Anyone who is unable to evacuate and/or shelter on their own, who may require specialized transportation assistance or whose medical needs prevent them from evacuating on their own should  register with the EEAP registry prior to an emergency evacuation.  Individuals on the registry will receive priority and assistance evacuating to a facility appropriate for their level of care.The program is specifically for individuals who live alone or with their families, not those residing in nursing homes, assisted living facilities or group homes….”

Again, no mention of accessible beds, transfer assistance, toileting assistance, or any other modifications of policy to avoid discrimination on the basis of disability. Evacuees with disabilities are left in the dark concerning what services will be provided.

The American Red Cross, which operates many of the shelters, is similarly unhelpful when evacuees with disabilities visit their website looking for information about what services to expect.  For example, there is no mention of evacuees with disabilities on the Red Cross website for the Miami Dade community. See http://www.redcross.org/fl/miami/about. Once again, evacuees with disabilities are left without information about services they can expect to receive at the shelter. 24 years after the passage of the ADA, why is this information withheld?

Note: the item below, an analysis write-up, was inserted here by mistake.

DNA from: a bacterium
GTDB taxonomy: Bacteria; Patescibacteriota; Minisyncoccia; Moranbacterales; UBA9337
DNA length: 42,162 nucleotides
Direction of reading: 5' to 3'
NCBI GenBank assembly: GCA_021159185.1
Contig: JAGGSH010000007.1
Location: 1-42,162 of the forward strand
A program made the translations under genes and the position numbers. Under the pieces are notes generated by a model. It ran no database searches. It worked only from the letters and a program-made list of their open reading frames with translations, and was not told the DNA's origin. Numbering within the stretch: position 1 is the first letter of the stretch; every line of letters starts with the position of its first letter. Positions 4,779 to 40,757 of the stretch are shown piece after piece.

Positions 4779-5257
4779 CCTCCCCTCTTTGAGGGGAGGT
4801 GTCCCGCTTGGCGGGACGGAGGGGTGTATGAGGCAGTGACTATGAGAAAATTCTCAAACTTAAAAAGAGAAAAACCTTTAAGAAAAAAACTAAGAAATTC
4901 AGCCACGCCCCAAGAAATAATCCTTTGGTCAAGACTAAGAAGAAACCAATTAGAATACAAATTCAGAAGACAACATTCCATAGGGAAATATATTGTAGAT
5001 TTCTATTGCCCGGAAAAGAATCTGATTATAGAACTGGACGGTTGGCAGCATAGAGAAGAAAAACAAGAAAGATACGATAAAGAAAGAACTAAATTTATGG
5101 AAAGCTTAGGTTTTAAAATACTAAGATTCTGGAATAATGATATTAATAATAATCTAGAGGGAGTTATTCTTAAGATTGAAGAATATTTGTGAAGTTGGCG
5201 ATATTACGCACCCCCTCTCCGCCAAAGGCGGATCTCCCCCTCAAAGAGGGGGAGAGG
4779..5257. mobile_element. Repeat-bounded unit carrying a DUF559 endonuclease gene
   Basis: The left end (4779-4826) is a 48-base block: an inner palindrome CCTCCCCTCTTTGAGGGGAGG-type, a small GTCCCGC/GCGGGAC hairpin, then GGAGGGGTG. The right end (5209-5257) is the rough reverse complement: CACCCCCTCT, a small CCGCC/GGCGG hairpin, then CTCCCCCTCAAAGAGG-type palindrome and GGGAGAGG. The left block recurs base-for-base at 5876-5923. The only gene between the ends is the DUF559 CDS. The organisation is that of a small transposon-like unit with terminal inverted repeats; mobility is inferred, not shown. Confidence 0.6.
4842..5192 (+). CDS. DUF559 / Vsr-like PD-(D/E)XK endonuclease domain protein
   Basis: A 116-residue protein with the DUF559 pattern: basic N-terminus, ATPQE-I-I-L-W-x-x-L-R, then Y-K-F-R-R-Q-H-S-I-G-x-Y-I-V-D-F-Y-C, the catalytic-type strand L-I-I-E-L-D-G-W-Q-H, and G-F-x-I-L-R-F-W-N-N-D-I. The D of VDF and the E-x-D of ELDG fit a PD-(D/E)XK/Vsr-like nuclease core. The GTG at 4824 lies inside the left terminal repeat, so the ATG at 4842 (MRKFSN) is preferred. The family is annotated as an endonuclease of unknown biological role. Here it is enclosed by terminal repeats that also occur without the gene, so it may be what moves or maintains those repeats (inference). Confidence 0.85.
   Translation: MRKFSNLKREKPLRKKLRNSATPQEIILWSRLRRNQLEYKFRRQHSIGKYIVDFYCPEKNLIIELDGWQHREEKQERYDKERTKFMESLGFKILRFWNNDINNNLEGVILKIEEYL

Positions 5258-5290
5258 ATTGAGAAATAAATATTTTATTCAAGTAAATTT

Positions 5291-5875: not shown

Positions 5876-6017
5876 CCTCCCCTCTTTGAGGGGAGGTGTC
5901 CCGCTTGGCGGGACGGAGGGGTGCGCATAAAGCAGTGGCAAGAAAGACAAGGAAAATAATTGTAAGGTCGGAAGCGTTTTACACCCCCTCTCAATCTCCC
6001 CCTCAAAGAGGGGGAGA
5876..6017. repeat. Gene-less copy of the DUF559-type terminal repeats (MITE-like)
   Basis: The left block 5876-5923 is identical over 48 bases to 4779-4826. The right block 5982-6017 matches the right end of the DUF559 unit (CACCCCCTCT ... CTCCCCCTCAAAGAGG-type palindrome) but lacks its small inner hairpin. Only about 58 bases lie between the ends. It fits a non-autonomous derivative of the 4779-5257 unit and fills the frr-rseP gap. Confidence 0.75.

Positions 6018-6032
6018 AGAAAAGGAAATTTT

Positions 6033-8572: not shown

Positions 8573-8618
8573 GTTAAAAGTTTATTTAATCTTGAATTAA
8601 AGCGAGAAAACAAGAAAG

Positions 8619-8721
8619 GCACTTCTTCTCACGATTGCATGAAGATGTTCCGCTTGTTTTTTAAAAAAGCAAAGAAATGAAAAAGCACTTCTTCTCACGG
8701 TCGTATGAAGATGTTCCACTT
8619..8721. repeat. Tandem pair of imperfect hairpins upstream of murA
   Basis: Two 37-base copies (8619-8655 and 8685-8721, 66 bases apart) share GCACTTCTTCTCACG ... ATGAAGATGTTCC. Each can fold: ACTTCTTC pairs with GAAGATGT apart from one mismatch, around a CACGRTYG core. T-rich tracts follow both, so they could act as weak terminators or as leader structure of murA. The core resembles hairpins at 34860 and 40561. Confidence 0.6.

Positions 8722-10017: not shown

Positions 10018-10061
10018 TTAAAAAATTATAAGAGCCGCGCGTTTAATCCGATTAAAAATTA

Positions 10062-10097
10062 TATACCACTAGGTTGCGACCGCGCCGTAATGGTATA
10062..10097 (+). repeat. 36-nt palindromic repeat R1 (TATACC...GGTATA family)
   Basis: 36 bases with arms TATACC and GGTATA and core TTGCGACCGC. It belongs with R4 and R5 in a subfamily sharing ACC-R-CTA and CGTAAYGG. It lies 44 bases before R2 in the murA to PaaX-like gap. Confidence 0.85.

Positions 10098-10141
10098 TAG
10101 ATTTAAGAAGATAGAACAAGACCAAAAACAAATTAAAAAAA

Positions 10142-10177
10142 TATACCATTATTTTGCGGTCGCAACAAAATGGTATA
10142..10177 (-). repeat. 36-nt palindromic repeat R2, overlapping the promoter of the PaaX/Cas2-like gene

Why is this information not made available to the disability community? Are they afraid that if they tell us, we will show up? And then, they will have to serve us?




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What Doctors (and Their Office Managers) Need to Know About Patients With Hearing Disabilities and Interpreter Services

http://www.fccdhh.org/system/js/back/ckfinder/userfiles/files/ADA_Explained.doc

What Doctors (and Their Office Managers) Need to Know About Patients With Hearing Disabilities and Interpreter Services

January 4, 2013

Marc Dubin, Esq. 
Director of Advocacy, Center for Independent Living of South Florida
Former Senior Trial Attorney, U.S. Department of Justice, Civil Rights Division, Disability Rights Section, Washington, D.C. 1993-2005
mdubin@pobox.com
305-896-3000 mobile

This document may be freely reproduced, in its entirety, with attribution to the author. 

Please note that this paper does not discuss other obligations under the ADA (e.g., title I - employers, and title II - programs and services of state and local governments). Rather, it focuses primarily on title III obligations (places of public accommodation, including nonprofits, regardless of number of employees).